Baranchuk explained with excitement that his team from Queen’s, “advanced a model that has been published, all around the world, in the highest impact factor cardiology journals.”

Their research found that a permanent pacemaker was superfluous in most cases. Instead, the team suggested that “a temporary permanent pacemaker,” was all that was required. “This is something that we can easily remove if the patient recovers,” explained the doctor.

“We just have the long-term follow-up of patients treated with Lyme Carditis, zero patients needed a permanent pacemaker. And in an average of almost a full two years, all of them are doing their normal life,”Barabchuk revealed, excitement and pride evident in his voice.

What was the game-changing factor in the team’s discovery and research?  A happy coincidence.

As Dr. Baranchuk shared the story, two different men were diagnosed with Lyme Carditis. They were diagnosed at separate hospitals, in separate regions (neither of them at KHSC). Both had a permanent pacemaker implanted and were properly treated with three weeks of antibiotics. 

Both men, for different reasons, ended up moving to Kingston and had pacemaker checkups at KHSC’s Cardiac Rythm Device Clinic (CRDC).

This is where Baranchuk got excited, “Now, listen to this: these patients got a ‘transient shutdown’ of their electricity. They were properly treated with antibiotics. And, since their implant to the day that they were seen by us at the CRDC, they had not used their permanent pacemaker.” That is to say, their hearts were working properly, their own natural electrical systems were pumping their hearts, without the added “spark” of the pacemaker.

“Both Patients were between four and six months since implant. So what did we do? Should we keep this pacemaker and say ‘so sorry, you’re gonna live the rest of your life with a pacemaker?’ Or should we entertain the idea that if their heart responds well to exercise and if they don’t have significant inflammation in the heart, we could remove these pacemakers and see how they are doing?” he posed.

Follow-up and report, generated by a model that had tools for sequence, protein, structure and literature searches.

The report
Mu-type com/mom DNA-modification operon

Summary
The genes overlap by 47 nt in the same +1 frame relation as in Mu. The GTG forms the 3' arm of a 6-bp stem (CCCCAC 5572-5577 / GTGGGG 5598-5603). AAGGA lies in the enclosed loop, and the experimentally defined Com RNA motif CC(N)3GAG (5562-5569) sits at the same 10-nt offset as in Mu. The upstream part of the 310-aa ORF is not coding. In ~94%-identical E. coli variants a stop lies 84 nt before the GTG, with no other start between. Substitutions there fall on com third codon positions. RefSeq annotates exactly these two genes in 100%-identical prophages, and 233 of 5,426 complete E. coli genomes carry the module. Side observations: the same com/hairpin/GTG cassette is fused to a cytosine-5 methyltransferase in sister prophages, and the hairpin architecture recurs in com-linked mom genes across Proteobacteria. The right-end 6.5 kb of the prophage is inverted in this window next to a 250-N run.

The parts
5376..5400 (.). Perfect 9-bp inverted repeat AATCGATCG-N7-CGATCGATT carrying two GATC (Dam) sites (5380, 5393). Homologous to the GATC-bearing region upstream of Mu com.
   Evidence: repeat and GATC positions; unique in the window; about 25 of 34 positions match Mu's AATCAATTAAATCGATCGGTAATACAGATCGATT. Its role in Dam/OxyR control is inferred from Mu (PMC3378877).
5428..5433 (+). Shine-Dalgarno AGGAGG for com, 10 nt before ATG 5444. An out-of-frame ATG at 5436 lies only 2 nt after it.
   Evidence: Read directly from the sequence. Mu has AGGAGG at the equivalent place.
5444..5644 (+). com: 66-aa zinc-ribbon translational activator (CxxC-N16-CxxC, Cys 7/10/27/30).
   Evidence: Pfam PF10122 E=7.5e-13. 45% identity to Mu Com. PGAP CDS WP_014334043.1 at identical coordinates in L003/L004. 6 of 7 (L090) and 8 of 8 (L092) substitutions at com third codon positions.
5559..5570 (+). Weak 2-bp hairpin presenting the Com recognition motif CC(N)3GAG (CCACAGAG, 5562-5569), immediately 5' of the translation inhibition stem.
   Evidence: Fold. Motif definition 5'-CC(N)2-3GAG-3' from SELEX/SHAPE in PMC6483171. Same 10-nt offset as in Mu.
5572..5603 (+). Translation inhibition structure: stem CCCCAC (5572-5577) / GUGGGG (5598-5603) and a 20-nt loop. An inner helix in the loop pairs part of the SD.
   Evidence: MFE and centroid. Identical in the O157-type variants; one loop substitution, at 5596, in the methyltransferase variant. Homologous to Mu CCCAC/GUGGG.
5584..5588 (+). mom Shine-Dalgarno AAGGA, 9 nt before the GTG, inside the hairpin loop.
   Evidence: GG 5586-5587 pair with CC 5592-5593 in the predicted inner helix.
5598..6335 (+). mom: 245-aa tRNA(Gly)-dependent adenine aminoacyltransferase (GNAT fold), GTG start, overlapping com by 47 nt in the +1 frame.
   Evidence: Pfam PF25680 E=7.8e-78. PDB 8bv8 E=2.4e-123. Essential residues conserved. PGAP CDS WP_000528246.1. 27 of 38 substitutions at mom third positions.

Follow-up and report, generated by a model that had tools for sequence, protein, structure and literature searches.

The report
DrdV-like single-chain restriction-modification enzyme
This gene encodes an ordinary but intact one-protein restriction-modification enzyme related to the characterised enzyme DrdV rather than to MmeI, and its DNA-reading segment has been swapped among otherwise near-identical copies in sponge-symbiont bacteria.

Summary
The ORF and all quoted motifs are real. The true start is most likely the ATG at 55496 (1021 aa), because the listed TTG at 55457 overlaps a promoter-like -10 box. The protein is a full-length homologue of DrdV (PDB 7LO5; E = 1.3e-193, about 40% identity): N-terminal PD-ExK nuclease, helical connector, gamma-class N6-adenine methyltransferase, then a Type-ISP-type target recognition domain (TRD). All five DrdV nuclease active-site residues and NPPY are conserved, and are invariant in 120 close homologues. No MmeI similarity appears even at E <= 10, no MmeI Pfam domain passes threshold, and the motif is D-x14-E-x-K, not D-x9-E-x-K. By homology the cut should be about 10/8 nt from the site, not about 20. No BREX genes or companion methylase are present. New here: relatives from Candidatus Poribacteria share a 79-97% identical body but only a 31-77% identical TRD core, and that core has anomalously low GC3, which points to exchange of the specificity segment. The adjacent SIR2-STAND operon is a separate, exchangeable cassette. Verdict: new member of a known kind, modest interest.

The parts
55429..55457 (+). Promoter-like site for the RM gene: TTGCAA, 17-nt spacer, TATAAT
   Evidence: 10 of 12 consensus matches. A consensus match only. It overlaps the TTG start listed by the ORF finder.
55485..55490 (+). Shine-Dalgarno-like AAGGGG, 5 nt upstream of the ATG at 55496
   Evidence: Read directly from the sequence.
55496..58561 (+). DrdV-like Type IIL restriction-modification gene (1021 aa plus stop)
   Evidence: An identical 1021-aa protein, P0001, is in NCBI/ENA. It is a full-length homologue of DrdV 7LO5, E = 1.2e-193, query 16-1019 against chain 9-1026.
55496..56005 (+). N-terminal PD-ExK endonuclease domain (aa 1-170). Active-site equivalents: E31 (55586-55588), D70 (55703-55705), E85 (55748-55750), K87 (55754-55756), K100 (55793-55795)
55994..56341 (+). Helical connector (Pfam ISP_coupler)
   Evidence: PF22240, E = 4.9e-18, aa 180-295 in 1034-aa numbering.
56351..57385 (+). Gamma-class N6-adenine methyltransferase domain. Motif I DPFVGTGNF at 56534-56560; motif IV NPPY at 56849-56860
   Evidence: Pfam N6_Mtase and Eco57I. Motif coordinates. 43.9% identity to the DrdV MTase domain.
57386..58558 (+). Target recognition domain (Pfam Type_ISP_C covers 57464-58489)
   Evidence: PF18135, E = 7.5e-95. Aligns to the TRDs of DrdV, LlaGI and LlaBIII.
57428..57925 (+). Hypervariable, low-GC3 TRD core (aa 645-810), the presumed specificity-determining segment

“So we had long conversations with the patients. They understood the pros and cons of each decision, and both of them decided to have their pacemaker removed. So, we took both pacemakers out — one in April, one in May.”

The result? “Both patients are now perfectly healthy, doing their normal lives. And,” he went on with pride, “this is the first time in the history of medicine that, based on the understanding of how Lyme Carditis works, the pacemakers of these individuals were removed.”

This is why it is so important that he share this research, he expressed. “So much teaching, education, reaching the community through media is needed because we could have prevented the implant of the pacemakers, to begin with.” 

He pointed out, “If the doctors were rock solid in the idea that if the patient is in the hospital, on a monitor, gets the antibiotics through IV in the hospital.  And if you see a recovery under the strict parameters of what recovery means, then put the patient on a treadmill, if they are able to do a normal treadmill with no random alterations, you can send this patient home to complete three weeks of antibiotics. And you are saving all the conundrum of things that happen around the implant of a pacemaker because these patients will likely recover.”  

This important research does not attenuate in any way Dr. Barachuk’s other advice to all that prevention is so much better than intervention.

“Please, use repellent and avoid endemic areas,” he implored, adding that, whether you are a patient with suspected Lyme disease or a doctor treating Lyme, “Please ask for an ECG.”